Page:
Research is one of the most important fields of medicine. It provides health care professionals with new knowledge and technology for better diagnosis, treatment, and prevention of disease.
Medical research often combines medicine with related fields of biology, and is called biomedical research. Research can be basic or applied. Basic, or fundamental, research has no immediate practical application. Basic cancer research, for instance, may try to identify gene mutations that turn a healthy cell malignant. While this information does not have immediate clinical value, it generates knowledge that often leads to better care for patients. Applied research has a specific practical goal, such as development of a better drug for breast cancer. The early stages of biomedical research usually occur in a laboratory. As scientists gain more knowledge in a particular area, they begin studies on humans. These studies often take place in hospitals or clinics and are called clinical research.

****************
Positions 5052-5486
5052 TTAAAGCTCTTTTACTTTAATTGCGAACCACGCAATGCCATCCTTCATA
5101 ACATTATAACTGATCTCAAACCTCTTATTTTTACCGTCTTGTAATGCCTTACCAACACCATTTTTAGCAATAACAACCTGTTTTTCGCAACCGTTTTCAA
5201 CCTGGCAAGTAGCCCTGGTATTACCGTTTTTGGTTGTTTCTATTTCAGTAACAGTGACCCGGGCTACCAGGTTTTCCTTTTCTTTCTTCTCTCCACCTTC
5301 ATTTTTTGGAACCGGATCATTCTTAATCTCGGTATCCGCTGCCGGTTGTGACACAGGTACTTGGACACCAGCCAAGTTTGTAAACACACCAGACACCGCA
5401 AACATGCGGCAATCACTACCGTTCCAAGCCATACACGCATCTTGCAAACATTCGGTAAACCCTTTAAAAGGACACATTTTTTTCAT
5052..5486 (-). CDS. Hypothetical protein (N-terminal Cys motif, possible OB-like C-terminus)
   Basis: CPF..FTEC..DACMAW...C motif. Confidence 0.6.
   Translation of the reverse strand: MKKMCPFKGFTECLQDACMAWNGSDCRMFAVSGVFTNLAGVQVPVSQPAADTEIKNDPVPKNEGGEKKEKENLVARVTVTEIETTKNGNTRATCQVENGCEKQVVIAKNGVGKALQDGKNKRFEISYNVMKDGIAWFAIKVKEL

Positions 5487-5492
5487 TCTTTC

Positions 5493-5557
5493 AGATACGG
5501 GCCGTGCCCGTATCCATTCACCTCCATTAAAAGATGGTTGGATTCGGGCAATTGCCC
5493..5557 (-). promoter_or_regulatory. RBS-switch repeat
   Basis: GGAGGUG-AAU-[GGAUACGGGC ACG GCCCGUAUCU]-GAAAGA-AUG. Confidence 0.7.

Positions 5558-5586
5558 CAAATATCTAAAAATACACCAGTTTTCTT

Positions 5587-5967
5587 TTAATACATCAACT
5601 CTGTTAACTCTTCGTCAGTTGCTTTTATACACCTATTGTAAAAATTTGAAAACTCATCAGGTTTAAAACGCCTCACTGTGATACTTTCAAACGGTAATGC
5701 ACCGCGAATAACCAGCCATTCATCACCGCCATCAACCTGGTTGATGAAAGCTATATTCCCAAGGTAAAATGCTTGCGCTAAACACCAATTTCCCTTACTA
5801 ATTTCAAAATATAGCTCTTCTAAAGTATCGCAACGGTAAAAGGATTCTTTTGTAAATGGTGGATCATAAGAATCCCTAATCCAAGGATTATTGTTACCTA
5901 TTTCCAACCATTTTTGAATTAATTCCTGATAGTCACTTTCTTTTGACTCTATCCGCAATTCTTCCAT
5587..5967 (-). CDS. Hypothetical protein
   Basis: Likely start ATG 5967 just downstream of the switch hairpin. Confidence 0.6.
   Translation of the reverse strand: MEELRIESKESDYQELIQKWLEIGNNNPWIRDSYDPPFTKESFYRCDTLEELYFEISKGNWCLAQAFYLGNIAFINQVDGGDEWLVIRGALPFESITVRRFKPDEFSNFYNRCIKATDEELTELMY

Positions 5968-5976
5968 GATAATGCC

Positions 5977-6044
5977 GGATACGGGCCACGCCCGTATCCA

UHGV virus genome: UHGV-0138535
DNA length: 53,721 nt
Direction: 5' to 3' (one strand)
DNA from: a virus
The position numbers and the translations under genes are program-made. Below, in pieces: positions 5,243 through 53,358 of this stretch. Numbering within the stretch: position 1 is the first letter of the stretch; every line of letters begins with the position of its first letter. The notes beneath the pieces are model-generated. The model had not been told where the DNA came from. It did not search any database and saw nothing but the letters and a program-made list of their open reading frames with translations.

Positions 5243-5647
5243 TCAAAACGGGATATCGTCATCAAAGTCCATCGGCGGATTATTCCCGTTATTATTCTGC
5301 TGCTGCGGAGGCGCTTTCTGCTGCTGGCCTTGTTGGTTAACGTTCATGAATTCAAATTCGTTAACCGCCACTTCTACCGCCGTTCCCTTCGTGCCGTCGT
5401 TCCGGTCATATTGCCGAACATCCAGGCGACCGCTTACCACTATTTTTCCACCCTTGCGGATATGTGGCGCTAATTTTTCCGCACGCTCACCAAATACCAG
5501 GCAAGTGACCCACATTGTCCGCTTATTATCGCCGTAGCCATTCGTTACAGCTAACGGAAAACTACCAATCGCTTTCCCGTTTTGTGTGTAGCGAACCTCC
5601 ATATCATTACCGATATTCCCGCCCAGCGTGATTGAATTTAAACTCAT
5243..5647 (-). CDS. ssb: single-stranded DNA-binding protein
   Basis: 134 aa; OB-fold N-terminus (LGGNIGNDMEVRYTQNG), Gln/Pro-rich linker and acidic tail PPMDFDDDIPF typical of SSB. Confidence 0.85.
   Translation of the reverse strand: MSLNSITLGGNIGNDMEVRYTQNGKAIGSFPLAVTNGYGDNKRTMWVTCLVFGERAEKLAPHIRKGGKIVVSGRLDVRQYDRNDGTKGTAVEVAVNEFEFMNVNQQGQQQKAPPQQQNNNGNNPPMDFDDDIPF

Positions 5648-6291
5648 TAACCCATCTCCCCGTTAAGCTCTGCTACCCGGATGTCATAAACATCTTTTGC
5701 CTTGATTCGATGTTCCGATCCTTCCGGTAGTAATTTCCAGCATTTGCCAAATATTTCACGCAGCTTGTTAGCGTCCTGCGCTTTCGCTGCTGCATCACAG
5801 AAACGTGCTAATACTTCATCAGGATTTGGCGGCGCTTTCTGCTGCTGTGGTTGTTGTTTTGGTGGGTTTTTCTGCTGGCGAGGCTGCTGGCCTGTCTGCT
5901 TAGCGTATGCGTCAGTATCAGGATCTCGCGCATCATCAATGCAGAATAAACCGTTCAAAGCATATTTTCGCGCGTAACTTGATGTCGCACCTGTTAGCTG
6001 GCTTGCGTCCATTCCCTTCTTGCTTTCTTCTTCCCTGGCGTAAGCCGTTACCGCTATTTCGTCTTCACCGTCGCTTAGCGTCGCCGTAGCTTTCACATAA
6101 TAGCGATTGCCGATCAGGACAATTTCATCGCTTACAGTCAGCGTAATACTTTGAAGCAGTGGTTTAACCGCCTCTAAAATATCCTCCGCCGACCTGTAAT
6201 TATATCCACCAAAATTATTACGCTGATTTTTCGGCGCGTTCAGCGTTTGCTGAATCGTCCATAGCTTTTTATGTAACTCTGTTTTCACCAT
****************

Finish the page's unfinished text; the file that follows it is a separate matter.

Clinical research usually is performed by multidisciplinary teams, rather than by individual scientists working alone. These groups of men and women have knowledge and skills in different areas, or disciplines, of science. A multidisciplinary biomedical research team may include biochemists, geneticists, physiologists, and physicians. Each team member approaches the problem from a different side and shares knowledge with the group. This multidisciplinary approach increases the chances of solving a problem or developing a new treatment.